What Makes a Good Mental Health Advocate?

I have been fortunate over the years to share the story of my son Dan’s recovery from severe obsessive-compulsive disorder. The fact that he continues to do so well is concrete evidence that obsessive-compulsive disorder, no matter how severe, is indeed treatable, and it is gratifying to know that many who are suffering have found hope through my family’s story.

I hear from many people who are at various stages in their fight against OCD. When they tell me they have either read about Dan’s journey or heard me speak about him the first question they often ask is “How is Dan now?”

I am so incredibly thankful that the answer, after eight years, continues to be, “He is doing very well.”

The next question is usually something such as, “Where is he? How come we never see him at these conferences/meetings/or other OCD events?”

It is an interesting question. Should “OCD advocacy” (or advocacy for other illnesses) be a responsibility of those who have recovered from severe OCD? I don’t know. But I do know that advocacy comes in many ways, shapes, and forms. By continuing to do well, keeping his OCD at bay, and living his life to the fullest, Dan is giving hope to all those who suffer from OCD.

But still. What an inspiration it would be to those who are suffering to hear as many success stories as possible. While there are those who do speak up and take on the role of a traditional advocate, many people who recover from severe OCD just want to get on with their lives. And who can blame them?

My son falls into this category. As he and many others have said “OCD is something I have, not something I am.” Dan does not want to be defined by OCD and has made a conscious effort to put it on the back burner and focus wholeheartedly on living his life to the fullest. He has fought his way back from the brink of despair, and perhaps this fact fuels his resolve to leave OCD out of his life as much as he can. Maybe my son’s choice to not focus on his OCD any more than he needs to is one of the reasons he has learned to cope so well.

I do feel that each of us has a responsibility to try to make the world a better place, but how we do that is up to us. My son might not be shouting from the rooftops now that he has overcome severe OCD, but maybe at some point in his life, sharing his story will become important to him as a means to help others. If not, I am confident that he will find other ways, as he has done already, to make the world a better place.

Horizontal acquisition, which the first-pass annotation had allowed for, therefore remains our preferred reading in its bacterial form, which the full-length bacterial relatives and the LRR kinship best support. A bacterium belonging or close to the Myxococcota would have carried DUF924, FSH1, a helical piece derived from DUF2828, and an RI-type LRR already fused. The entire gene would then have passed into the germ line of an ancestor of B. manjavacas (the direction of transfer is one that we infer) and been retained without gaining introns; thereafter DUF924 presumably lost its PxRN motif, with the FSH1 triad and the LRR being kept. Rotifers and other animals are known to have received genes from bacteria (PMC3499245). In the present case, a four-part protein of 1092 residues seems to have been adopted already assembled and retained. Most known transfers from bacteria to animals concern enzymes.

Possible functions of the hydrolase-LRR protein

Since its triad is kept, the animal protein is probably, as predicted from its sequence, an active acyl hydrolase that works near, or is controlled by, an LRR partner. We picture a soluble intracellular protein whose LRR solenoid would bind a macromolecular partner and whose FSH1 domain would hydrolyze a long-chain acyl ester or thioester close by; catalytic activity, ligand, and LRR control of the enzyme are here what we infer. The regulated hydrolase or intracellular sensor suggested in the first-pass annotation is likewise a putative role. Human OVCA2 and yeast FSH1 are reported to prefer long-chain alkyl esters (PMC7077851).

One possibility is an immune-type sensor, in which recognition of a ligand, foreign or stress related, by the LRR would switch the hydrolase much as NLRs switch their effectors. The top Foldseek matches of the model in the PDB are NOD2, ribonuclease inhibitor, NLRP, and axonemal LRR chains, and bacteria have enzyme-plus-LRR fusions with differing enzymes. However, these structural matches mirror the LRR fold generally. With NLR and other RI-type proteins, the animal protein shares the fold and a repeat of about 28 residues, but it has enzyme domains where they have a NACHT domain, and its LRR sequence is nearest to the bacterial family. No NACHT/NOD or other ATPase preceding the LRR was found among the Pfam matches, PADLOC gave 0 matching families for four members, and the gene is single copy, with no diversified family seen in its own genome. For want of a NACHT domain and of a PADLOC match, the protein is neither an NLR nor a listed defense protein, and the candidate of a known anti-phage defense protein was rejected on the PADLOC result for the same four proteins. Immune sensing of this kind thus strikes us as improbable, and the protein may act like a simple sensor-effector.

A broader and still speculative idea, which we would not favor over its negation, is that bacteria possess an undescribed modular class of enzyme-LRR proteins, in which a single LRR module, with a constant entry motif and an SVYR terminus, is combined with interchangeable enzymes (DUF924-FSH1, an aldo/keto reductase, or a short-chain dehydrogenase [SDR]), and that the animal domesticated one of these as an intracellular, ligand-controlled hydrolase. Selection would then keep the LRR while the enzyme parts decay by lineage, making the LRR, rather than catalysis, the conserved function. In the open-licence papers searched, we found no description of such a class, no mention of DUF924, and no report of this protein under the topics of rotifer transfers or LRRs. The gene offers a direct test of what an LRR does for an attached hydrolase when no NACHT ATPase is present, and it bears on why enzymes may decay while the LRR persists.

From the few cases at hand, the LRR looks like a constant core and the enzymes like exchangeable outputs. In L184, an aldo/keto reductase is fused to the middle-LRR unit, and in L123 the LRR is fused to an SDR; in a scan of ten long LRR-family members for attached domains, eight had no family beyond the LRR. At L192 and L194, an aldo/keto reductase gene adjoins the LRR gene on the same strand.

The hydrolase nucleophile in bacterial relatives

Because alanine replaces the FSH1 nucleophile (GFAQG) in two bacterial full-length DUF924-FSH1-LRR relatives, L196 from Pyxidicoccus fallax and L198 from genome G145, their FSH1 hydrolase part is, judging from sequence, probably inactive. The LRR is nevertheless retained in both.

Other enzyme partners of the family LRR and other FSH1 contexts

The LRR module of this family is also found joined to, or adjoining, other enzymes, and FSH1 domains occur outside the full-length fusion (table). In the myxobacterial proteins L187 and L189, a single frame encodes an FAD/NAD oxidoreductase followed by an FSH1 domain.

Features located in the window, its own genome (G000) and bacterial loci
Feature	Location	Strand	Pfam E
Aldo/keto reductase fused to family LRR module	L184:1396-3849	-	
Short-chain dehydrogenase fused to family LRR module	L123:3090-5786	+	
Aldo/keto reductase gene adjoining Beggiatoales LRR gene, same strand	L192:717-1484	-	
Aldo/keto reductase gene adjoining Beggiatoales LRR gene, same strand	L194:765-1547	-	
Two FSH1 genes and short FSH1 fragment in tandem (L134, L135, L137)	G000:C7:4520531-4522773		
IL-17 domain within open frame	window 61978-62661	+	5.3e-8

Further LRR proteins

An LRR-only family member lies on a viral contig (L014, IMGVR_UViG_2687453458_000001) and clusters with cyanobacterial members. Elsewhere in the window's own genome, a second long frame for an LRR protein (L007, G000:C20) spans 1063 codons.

For now, however, I will revel in the fact that Dan is doing well. I will continue to advocate for OCD awareness and proper treatment, and I will respect his decision to not want to make OCD a focal point of his life. Because after all, isn’t that the whole idea?

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The History of the Guitar & Guitar Legends: From 1929 to 1979

In the age of the Classical Education, students pored over and memorized the works of “authorities,” exemplars of grammar, rhetoric, logic, etc. Constellations in the night sky of ignorance, so to speak, these writers and thinkers showed the way to knowledge through their excellence. The method may have fallen out of favor in modern pedagogy, […]

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How Meditation Can Change Your Brain: The Neuroscience of Buddhist Practice

Nirvana is a place on earth. Popularly thought of a Buddhist “heaven,” religious scholars discuss the concept not as an arrival at someplace other than the physical place we are, but as the extinction of suffering in the mind, achieved in large part through intensive meditation. If this state of enlightenment exists in the here […]

How Meditation Can Change Your Brain: The Neuroscience of Buddhist Practice is a post from: Open Culture. Follow us on Facebook, Twitter, and Google Plus, or get our Daily Email. And don’t miss our big collections of Free Online Courses, Free Online Movies, Free eBooksFree Audio Books, Free Foreign Language Lessons, and MOOCs.

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